The Navy took part in 22 bilateral and multilateral exercises this year. Early this week, Admiral R. Hari Kumar became the 25th chief of the Indian Navy, taking the reins from Admiral Karambir Singh

The Admiral said the Navy should focus on being a “combat-ready, credible, and cohesive force”.

"I am looking at finding different ways of fighting, induction of modern and disruptive technologies," he said.

Born on April 12, 1962, the National Defence Academy graduate was commissioned into the Indian Navy on January 1, 1983. In his career spanning over 38 years, he has commanded Coast Guard Ship C-01, IN Ships Nishank, Kora, Ranvir and the Aircraft Carrier INS Viraat, the defence ministry said in a release.

Admiral Kumar is the first Navy chief to hail from Kerala.

Every year, December 4 is celebrated as Navy Day, to commemorate the Indian Navy’s daring attack on Karachi and our decisive victory in the 1971 Indo-Pak war. This year, however, is special as India completes 50 years of this landmark event and are celebrating it as ‘Swarnim Vijay Varsha."

Besides modernisation, Admiral Kumar's hands will be full dealing with the Navy's approach to having interoperability with other navies, in tandem with multilateral and bilateral naval drills to further strengthen maritime security in the Indian Ocean Region (IOR). This year alone, the Navy participated in 22 bilateral and multilateral exercises. Both the scale and complexity of these exercises has also gone up.

India's maritime engagement has increased, with several bilateral and multilateral exercises with smaller navies as well. While Australia was included in the Exercise Malabar, trilateral naval wargames happened with Singapore and Thailand. Moreover, for the first time, the Indian and Algerian navies conducted a naval exercise off the coast of Algeria in August 2021. The naval exercise with Algeria was crucial for India as it is strategically located in the Maghreb region (region of North Africa bordering the Mediterranean Sea) and is the largest country of Africa.

According to a US Defence Department report, the Chinese navy has a battle force of around 355 ships and submarines, including more than 145 major surface vessels. By 2030, it is expected to operate around six aircraft carriers.

As India looks to counter growing Chinese influence, it focusses also on its naval power. The Navy has 130 ships and submarines, with 39 more vessels under construction, besides the two frigates being built for the Navy in Russia.

While China has been inducing 12-13 ships every year, India has only commissioned 2-3 ships annually, on average. Certainly, is not enough to replace its ageing fleet and Admiral Kumar will have to further expedite the induction of new platforms.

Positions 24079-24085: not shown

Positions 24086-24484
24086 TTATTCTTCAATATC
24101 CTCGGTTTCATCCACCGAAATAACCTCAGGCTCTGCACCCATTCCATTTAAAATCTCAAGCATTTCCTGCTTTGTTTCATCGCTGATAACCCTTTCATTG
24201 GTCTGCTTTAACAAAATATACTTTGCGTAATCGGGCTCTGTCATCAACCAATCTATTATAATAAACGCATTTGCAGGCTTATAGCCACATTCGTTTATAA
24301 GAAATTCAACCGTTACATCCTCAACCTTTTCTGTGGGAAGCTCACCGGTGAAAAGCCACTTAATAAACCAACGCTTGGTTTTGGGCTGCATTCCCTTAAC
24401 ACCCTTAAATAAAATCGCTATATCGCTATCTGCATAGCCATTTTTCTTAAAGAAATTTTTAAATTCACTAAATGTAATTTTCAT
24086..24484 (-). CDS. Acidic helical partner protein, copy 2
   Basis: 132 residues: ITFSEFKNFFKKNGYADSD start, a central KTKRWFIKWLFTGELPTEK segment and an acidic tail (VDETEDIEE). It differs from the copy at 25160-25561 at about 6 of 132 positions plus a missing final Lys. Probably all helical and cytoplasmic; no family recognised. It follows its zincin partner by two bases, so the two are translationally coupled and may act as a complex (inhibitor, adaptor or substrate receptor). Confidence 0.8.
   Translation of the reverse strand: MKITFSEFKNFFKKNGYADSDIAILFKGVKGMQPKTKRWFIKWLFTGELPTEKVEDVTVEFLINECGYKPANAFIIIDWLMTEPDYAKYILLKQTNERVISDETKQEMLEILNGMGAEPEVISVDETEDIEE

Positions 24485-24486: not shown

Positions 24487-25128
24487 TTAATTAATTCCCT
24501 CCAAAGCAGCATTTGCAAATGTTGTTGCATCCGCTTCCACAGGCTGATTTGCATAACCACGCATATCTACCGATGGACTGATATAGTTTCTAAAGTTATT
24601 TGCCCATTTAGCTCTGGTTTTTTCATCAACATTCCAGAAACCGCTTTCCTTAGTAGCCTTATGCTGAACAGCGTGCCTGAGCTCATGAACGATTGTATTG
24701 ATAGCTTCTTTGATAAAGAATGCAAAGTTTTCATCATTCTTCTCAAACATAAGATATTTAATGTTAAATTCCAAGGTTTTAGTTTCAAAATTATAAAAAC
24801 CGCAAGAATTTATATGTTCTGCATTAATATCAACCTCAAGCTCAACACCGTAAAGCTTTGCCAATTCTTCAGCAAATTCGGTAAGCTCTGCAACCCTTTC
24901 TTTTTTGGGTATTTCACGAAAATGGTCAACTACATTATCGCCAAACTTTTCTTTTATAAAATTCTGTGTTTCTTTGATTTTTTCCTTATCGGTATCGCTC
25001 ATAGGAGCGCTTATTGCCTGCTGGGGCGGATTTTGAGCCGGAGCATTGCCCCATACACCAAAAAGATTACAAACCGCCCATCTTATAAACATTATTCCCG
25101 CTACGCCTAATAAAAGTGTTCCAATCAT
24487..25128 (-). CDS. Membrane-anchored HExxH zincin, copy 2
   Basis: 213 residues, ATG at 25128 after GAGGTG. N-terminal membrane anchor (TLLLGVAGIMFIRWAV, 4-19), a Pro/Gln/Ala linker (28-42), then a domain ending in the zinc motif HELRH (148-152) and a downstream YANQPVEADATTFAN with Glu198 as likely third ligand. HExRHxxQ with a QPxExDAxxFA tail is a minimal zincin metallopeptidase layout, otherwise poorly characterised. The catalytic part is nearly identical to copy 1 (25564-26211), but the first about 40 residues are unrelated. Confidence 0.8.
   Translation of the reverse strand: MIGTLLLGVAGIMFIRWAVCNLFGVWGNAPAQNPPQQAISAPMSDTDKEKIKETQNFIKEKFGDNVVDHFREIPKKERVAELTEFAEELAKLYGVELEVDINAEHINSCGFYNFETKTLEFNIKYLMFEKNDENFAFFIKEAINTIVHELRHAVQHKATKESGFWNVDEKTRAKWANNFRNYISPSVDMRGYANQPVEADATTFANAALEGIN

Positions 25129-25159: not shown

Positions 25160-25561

Navigating the budgetary concerns with ongoing modernisation will not be an easy ride for Admiral Hari Kumar. Budgetary constraints have downsized the Navy's expansion plans, from a target of becoming a 200-ship force to the present 170-ship force goal now.

The Navy is revising its 15-year Maritime Capability Perspective Plan, which is expected to be ready by early next year (2022). The plan will be aligned with the 10-year Integrated Capability Development Plan which is being presently formulated by the Department of Military Affairs (DMA).

On the interoperability front, India has negotiated agreements with several states in the littoral IOR to obtain military access to their bases. To enhance capability and ensure sustenance, India has concluded a Mutual Logistics Support Agreement (MLSA) with Australia in June 2020 and Reciprocal Provisions for Support and Services (RPSS) with Japan in September 2020.

The Navy also remains continuously deployed to curb maritime piracy in the Gulf of Aden. 91 Indian warships have been deployed in the region since 2008. "Due to persistent efforts of the Indian government and navy, the Indian Ocean piracy ‘high-risk area’ has been reduced," the Admiral said.

To enhance underwater capabilities, the new chief will have to tackle the problems related to Project-75 (India), which is already delayed. This was the first project under the Strategic Partnership (SP) model for the Indian Navy. The new conventional submarines are expected to be equipped with the Air Independent Propulsion System (AIP). Two Indian builders were identified to construct 6 submarines under Project 75 (i)—Mumbai based MDL and L&T.

While China operates 65 submarines, the Navy’s fleet of attack submarines, all diesel-powered, has come down from 21 in the 1980s to just 17 at present.

He will also push for the cabinet's approval for the six nuclear-powered attack submarines. but the submarine will be armed with non-nuclear weapons.

He will also have to steer the Navy's Acceptance of Necessity (AoN) for 72 projects worth Rs 1,97,359 crores, of which 59 projects worth 1,74,027 crores, (over 88 per cent) are for indigenous development. Through these projects, he will also aim to provide as much impetus as possible to the Start-up India and Skill India initiatives.

Despite the disruptive impact of the pandemic, the Navy has maintained its operational readiness and tempo through the prompt implementation of preventive protocols, he said. The Navy's focus on maintaining combat and mission readiness resulted in deterring any misadventure in the maritime domain, while contributing to the national COVID effort—both internally and across the seas.

Admiral Kumar will also focus on enhancing the role of women officers in the navy. Modalities for downstream training of women as cadet entry at NDA are being worked out. And he claimed that the Navy is fully prepared in all respects to induct and absorb women across a wide spectrum of roles and responsibilities. Especially after the permanent commissioning for women officers, they will be treated at par with their male colleagues. They are being deployed on modern warships and have been given an important role.